- Diabetic foot ulcers (DFUs) are the leading cause of amputations worldwide
- A common but ineffective treatment for DFUs is maggot debridement
- Researchers are looking to improve treatment by genetically engineering maggots to secrete a wound-healing protein
Nearly 170 million people live with diabetes worldwide and this number is expected to double by 2030. Out of these individuals, 15% are affected by painful foot ulcers known as diabetic foot ulcers, or DFUs. While DFUs may not sound very threatening, they are the leading cause of amputations in the world. To put that into perspective, every 30 seconds a lower limb is amputated and 84% of those amputations are caused by DFUs. Despite those overwhelming statistics, there have been few advancements in the treatment of DFUs.
Current treatments for DFUs include using appropriate footwear to avoid putting weight on the affected foot, employing antibiotics for infection control, and debriding the wounds. Debridement is one of the most important components of treatment, encouraging wound healing and decreasing the risk of infection by removing dead tissue. That’s where the maggots come in.
Believe it or not, a treatment process known as maggot debridement involves applying the larvae of Green Bottle flies to the open wounds and allowing the maggots to eat away at the dead tissue while secreting proteins that heal the wound and inhibit bacterial growth. While maggot debridement helps keep infection at bay, studies have shown that it doesn’t reduce the healing time of these painful wounds.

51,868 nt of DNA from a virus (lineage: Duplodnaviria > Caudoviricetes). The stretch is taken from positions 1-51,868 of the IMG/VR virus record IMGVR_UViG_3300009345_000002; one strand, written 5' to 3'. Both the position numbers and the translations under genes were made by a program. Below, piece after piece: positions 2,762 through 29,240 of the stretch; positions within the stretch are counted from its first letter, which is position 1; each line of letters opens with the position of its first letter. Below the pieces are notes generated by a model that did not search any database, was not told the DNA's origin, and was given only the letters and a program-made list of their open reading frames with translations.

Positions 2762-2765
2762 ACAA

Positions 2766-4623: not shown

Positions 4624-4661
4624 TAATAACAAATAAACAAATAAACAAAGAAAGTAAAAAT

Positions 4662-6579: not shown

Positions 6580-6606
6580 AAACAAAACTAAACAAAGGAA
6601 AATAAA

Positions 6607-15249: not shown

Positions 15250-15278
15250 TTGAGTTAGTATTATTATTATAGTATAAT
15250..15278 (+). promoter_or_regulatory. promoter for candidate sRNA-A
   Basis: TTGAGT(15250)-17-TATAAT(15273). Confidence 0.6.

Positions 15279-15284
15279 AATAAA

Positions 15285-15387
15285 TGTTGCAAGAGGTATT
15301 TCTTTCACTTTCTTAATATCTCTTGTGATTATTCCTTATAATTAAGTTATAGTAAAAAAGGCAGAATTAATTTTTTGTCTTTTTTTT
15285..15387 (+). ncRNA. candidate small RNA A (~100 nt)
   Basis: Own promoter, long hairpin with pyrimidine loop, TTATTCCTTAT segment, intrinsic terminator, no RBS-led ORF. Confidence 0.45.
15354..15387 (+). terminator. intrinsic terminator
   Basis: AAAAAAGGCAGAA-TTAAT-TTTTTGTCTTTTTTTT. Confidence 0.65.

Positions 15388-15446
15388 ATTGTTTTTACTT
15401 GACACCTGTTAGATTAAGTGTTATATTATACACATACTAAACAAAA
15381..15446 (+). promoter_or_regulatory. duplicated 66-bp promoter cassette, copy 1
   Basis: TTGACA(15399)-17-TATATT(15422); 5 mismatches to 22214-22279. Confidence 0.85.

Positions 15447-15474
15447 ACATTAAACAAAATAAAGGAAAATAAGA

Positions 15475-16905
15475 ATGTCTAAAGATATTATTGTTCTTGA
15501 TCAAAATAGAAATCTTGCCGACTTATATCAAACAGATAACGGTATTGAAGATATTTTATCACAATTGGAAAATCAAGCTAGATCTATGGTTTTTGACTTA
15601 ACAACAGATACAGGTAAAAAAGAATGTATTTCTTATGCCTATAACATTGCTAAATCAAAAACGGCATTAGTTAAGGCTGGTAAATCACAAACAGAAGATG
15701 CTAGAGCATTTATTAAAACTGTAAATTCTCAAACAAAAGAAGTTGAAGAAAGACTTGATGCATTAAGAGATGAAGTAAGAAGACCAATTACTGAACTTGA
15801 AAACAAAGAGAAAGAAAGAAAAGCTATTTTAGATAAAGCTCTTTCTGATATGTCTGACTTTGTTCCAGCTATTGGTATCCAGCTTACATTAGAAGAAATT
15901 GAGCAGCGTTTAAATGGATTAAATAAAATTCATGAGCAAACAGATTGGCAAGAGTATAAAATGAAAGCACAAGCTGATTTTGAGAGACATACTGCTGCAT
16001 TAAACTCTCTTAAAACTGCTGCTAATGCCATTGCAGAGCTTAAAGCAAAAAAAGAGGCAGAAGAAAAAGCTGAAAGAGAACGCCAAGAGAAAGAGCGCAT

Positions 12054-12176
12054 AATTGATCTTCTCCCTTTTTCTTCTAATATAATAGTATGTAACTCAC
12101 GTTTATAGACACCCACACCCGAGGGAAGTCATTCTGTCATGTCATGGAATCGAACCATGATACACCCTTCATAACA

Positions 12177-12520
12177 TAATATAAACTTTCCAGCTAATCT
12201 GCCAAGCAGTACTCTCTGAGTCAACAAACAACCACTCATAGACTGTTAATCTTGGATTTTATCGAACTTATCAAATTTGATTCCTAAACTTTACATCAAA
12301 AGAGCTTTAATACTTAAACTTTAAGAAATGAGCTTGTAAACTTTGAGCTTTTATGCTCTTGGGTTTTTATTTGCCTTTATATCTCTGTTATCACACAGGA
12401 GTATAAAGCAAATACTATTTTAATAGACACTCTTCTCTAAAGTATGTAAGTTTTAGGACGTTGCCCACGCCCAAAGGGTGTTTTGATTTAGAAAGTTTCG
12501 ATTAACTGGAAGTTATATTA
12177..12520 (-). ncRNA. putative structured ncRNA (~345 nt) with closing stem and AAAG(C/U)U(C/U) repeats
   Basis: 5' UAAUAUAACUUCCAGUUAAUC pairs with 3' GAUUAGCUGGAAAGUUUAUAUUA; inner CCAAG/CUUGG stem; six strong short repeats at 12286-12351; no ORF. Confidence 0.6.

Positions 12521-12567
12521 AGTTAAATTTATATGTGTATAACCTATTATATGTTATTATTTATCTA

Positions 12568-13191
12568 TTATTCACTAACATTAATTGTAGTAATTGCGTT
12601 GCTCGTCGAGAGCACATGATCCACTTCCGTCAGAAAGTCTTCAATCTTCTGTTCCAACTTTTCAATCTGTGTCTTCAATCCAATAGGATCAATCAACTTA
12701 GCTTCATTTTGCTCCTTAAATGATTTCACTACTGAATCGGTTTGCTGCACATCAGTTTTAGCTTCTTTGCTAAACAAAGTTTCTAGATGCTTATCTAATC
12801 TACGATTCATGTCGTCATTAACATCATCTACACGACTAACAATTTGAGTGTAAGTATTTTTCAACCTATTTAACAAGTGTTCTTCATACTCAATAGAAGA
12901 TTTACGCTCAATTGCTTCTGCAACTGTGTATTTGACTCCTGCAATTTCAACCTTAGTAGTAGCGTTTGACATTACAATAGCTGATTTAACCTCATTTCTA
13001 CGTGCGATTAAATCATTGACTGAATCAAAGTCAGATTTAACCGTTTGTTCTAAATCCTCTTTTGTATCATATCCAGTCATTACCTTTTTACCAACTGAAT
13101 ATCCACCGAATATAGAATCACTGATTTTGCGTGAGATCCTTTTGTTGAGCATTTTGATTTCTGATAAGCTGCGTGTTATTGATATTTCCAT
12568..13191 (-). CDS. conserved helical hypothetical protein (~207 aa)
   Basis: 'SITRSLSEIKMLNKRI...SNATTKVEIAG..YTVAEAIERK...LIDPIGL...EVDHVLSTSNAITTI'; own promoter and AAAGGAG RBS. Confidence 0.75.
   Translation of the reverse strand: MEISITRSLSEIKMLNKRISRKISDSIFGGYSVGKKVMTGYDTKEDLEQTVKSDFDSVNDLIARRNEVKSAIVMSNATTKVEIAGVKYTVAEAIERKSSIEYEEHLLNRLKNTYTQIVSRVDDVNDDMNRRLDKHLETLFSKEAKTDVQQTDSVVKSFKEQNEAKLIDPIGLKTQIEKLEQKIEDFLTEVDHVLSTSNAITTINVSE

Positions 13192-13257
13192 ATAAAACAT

Treatments like maggot debridement have often led to long treatment times and high medical costs, leaving patients hopeless and in pain. Recognizing the devastating effects of DFUs and the ineffectiveness of the current treatments, a team of researchers from the North Carolina State University and Massey University headed by Dr. Max Scott has set out to change this.
The team’s goal was to genetically engineer the maggots used in debridement to secrete a unique protein known for promoting wound healing, which would make the therapy more effective. To do this, the team fed maggots a diet that lacked an antibiotic called tetracycline. This resulted in high levels of the target protein found in the bodily fluid and secretions of the maggots. Now, the next step in the research is to prove the treatment’s success using the genetically engineered maggots to treat rat models with DFU-like wounds.
With this advancement, maggot debridement may become a more viable biotherapy for treating DFUs. Not only may wound healing take less time, but it will also cost less as maggots can be raised in virtually any facility with good ventilation. If Dr. Scott and his team are successful, this creepy-crawly treatment could be made available to millions of people suffering from DFUs all over the world.
Dr. Maxwell Scott, who is from Perth, Australia, received his BSc (Hons) from the University of Western Australia in Biochemistry and his PhD from Baylor College of Medicine in Molecular Cell Biology. He is currently a professor in the Entomology Department in the College of Agriculture and Life Sciences. His interest in genetics started in high school and he considers himself more of a geneticist. When he’s not in the lab, Dr. Scott likes to fish, enjoy a movie, dabble in music, and tend to his garden.
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- Maxwell Scott, interview by Elifsu Gencer, July 7, 2016
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